ID:15901 Section: Noun

Updated:Sunday 12th October 2014

Terror ?

Terror Definition

(Wikipedia) - Terror This article is about the historical and political concept. For other uses, see Terror (disambiguation).Victims of Red Terror in Crimea, 1918

Terror, is from the French terreur, from Latin terror meaning "great fear", a noun derived from the Latin verb terrere meaning "to frighten", is a policy of political repression and violence intended to subdue political opposition. The term was first used for the Reign of Terror imposed by the Jacobins during the French Revolution. Modern instances of terror include red terror or white terror.

Before the advent of modern terrorism, the term "terrorism" in the English language was sometimes used interchangeable with terror. The modern definition of terrorism refers to criminal or illegal acts of violence at randomly chosen targets, in an effort to raise fear. It is practiced by extremist groups with a limited political base or parties on the weaker side in asymmetric warfare. Terror on the other hand is practiced by governments and law enforcement officials, usually within the legal framework of the state.

Revolutionary and counter-revolutionary terror Main article: Revolutionary terror

Revolutionary terror, also known as "Red terror", was often used by revolutionary governments to suppress counterrevolutionaries. The first example was the Reign of Terror during the French Revolution in 1794. Other notable examples include the Red Terror in Soviet Russia in 1918–1922, as well as simultaneous campaigns in the Hungarian Soviet Republic and in Finland. In China Red Terror in 1966 and 1967 started the Cultural revolution.

Counterrevolutionary terror is usually referred to as "white terror". Notable examples are the terror campaigns in France (1794–1795), in Russia (1917–20), in Hungary (1919–1921), and in Spain. Modern examples of counter-revolutionary terror include Operation Condor in South America.

Terror and terrorism Terrorism
  • Definitions
  • History
  • Incidents
By ideology Related
  • Ethnic violence
  • Militia movement
  • Resistance movement
  • Methods
  • Tactics
  • Agro-terrorism
  • Aircraft hijacking (list)
  • Animal-borne bomb attacks
  • Beheading
  • Bioterrorism
  • Car bombing (list)
  • Cyberterrorism
  • Dirty bomb
  • Dry run
  • Explosive
  • Hostage-taking
  • Improvised explosive device
  • Individual terror
  • Insurgency
  • Kidnapping
  • Letter bomb
  • Nuclear
  • Paper terrorism
  • Piracy
  • Propaganda of the deed
  • Proxy bomb
  • School shooting
  • Suicide attack (list)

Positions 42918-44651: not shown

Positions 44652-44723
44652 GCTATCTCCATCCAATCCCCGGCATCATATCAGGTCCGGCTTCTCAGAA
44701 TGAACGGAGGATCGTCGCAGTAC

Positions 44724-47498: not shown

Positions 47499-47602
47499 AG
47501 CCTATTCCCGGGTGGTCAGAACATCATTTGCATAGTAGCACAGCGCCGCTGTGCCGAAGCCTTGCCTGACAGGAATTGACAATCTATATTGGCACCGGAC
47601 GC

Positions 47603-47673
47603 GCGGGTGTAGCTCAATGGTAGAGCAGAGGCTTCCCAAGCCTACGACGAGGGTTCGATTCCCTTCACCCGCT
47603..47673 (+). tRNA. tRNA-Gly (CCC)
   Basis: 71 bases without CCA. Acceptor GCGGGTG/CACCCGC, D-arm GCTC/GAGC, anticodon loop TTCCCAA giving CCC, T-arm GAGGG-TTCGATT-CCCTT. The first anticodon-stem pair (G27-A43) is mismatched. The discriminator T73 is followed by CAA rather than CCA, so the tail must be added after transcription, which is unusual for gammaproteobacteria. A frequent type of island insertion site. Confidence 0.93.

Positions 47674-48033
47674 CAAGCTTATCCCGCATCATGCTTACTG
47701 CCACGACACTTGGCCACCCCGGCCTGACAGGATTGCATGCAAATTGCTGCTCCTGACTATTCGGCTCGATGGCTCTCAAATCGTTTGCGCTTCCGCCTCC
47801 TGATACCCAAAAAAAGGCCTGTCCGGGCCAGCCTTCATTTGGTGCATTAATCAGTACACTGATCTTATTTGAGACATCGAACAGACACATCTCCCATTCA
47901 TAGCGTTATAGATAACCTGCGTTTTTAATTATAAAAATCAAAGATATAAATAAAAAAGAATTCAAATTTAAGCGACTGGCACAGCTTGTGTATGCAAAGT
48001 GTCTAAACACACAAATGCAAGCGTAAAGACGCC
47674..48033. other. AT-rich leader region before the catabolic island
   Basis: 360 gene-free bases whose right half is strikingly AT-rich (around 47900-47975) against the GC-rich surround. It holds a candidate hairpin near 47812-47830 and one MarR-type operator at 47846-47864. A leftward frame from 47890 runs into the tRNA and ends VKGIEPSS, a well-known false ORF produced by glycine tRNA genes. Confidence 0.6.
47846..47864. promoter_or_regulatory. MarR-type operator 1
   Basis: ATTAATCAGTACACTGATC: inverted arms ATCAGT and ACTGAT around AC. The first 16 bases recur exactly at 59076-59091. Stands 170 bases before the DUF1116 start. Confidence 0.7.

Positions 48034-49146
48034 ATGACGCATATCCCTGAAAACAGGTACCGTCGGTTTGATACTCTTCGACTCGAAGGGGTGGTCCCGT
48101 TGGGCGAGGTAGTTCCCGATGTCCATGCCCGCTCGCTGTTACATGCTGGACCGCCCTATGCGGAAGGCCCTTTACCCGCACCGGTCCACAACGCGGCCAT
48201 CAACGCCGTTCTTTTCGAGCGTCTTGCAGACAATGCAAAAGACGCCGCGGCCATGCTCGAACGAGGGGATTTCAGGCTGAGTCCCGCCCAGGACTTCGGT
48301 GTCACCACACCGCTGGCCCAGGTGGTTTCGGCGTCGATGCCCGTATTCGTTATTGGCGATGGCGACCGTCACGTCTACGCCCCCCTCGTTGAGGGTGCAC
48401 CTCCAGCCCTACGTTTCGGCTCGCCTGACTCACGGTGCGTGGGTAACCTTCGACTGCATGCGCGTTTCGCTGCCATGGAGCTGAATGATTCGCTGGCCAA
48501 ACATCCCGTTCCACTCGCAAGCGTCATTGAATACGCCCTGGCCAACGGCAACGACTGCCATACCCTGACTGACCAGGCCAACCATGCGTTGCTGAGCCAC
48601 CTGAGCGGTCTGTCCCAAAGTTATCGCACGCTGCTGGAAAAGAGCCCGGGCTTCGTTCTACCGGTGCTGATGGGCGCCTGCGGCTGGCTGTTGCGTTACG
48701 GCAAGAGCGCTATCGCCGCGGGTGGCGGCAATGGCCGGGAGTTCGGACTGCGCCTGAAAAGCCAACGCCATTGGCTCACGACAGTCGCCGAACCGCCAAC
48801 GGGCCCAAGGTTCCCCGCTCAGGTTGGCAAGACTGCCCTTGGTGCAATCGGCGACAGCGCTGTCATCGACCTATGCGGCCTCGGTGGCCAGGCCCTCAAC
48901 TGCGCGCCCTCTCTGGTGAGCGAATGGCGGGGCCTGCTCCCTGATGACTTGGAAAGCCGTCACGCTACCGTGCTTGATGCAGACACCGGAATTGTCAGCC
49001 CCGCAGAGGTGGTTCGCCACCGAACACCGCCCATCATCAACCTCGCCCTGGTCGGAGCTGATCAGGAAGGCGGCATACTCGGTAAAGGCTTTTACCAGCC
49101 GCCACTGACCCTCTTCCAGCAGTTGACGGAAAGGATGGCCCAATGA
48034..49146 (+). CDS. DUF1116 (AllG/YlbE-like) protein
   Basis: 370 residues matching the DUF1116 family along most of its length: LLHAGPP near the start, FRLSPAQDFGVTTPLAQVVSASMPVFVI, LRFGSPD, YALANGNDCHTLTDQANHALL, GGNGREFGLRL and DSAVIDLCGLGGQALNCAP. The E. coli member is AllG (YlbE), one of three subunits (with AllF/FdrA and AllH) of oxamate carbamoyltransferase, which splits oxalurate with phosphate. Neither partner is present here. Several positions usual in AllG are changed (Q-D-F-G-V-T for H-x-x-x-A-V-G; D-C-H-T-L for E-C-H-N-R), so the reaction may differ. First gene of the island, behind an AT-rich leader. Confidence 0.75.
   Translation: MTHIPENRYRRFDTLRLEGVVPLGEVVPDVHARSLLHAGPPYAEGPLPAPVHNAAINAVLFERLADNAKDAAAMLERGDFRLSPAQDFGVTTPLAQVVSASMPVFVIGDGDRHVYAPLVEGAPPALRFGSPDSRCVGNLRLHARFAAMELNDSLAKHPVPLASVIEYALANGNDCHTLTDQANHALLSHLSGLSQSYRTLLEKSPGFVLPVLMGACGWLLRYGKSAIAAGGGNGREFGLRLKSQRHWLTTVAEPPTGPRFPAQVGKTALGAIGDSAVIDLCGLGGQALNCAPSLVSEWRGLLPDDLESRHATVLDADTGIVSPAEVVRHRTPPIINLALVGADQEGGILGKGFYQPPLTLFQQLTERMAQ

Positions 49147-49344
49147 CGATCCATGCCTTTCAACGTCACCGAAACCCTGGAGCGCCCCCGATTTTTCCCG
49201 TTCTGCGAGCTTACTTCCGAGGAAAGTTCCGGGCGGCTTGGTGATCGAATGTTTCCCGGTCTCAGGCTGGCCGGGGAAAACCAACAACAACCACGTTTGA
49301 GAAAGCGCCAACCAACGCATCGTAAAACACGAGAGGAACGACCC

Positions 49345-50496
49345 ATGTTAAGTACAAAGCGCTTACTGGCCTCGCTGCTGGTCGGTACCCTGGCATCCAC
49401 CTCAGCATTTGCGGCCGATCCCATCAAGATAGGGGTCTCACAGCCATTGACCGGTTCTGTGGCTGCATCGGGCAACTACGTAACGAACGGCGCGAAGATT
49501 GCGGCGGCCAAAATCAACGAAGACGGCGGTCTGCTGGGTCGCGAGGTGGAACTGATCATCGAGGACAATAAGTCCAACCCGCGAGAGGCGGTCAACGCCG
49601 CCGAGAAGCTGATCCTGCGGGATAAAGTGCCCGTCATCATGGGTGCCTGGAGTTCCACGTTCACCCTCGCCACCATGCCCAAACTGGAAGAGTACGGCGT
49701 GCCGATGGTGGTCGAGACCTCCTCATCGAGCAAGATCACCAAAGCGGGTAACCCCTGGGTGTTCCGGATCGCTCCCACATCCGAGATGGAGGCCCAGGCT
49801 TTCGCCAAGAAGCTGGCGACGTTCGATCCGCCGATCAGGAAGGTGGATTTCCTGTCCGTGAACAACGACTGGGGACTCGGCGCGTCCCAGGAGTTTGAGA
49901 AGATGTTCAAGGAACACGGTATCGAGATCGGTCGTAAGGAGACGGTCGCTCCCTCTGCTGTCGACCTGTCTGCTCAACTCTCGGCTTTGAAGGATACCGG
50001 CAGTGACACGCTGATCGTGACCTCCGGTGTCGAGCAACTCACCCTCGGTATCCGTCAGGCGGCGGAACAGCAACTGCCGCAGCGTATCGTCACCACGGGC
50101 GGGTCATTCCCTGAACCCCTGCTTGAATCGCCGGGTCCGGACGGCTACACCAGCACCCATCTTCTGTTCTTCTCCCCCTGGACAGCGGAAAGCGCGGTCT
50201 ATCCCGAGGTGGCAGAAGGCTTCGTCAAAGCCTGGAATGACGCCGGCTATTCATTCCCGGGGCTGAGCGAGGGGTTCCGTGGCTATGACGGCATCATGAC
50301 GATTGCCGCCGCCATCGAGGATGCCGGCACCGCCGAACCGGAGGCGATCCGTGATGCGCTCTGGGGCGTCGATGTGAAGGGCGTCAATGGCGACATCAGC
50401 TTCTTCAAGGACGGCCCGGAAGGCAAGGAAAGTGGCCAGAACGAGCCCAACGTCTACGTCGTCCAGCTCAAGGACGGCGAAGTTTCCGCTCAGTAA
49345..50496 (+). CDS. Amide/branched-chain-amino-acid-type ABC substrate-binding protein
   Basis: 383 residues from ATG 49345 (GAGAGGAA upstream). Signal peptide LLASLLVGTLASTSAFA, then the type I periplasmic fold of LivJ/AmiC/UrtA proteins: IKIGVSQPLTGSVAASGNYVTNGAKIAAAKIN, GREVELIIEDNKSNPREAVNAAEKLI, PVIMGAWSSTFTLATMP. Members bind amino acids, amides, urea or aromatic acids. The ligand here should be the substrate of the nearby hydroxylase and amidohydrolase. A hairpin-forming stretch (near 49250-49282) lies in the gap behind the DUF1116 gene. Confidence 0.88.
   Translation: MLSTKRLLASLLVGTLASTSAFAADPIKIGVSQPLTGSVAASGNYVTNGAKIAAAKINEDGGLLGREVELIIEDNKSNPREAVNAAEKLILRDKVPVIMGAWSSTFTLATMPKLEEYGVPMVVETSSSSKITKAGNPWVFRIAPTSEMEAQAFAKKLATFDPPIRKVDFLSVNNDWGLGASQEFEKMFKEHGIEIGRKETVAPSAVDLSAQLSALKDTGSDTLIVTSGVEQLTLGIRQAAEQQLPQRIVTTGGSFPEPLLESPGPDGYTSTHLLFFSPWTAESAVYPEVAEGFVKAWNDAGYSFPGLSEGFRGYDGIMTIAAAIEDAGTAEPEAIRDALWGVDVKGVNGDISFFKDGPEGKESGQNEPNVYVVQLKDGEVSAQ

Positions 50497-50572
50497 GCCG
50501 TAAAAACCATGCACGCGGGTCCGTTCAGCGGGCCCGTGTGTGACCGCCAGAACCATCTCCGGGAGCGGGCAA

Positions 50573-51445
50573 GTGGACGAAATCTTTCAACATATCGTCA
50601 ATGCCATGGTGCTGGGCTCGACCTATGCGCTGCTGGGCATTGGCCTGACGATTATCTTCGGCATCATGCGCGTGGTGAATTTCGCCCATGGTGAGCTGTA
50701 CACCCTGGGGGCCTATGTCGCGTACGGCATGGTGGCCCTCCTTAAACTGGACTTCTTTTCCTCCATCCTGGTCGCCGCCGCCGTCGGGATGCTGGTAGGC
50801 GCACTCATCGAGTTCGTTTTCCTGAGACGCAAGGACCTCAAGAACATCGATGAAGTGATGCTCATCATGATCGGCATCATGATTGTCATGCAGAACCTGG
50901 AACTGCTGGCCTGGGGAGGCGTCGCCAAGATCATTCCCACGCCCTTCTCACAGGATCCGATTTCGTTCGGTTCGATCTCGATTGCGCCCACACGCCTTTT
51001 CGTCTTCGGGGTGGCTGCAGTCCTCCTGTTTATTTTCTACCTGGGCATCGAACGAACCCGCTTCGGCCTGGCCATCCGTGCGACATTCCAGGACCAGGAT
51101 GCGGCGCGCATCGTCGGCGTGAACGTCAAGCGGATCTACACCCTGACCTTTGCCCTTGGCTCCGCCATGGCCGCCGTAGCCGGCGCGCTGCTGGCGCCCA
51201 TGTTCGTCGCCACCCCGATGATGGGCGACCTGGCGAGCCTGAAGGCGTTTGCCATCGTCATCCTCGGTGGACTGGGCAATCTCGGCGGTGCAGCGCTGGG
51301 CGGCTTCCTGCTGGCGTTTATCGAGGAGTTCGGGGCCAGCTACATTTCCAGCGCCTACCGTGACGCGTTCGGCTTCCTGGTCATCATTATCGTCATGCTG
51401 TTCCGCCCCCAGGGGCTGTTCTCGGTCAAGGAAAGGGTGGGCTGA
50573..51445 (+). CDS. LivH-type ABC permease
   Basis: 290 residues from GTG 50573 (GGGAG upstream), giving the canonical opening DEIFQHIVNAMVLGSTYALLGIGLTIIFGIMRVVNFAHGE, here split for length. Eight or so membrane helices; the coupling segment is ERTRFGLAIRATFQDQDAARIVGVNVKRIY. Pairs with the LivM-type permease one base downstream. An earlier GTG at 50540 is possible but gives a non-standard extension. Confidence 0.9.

• Rockets and mortars
Terrorist groups
  • Designated terrorist organizations
  • Charities accused of ties to terrorism
State terrorism By state
  • State-sponsored terrorism
  • Financing
  • Fronting
  • Training camp
  • Lone wolf
  • Clandestine cell system
  • Leaderless resistance
Fighting terrorism
  • Counter-terrorism
  • International conventions
  • Anti-terrorism legislation
  • Terrorism insurance
  • v
  • t
  • e

David Forte states that the primary difference between terror and terrorism is that while terror can be neutrally evil, i.e. random violence committed by robbers, rapists, and even military personnel, terrorism has the additional political or moral dimension, being the systematized use of randomly focused violence by organized groups against non-combatants to effect a political objective.

However Charles Tilly defines "terror" as a political strategy defined as "asymmetrical deployment of threats and violence against enemies using means that fall outside the forms of political struggle routinely operating within some current regime," and therefore ranges from:

  • intermittent actions by members of groups that are engaged in wider political struggles to
  • one segment in the modus operandi of durably organized specialists in coercion, including government-employed and government-backed specialists in coercion to
  • the dominant rationale for distinct, committed groups and networks of activists.
  • According to Tilly, the term "terror" spans across a wide range of human cruelties, from Stalin''s use of executions to clandestine attacks by groups like the Basque separatists and the IRA and even ethnic cleansing and genocide

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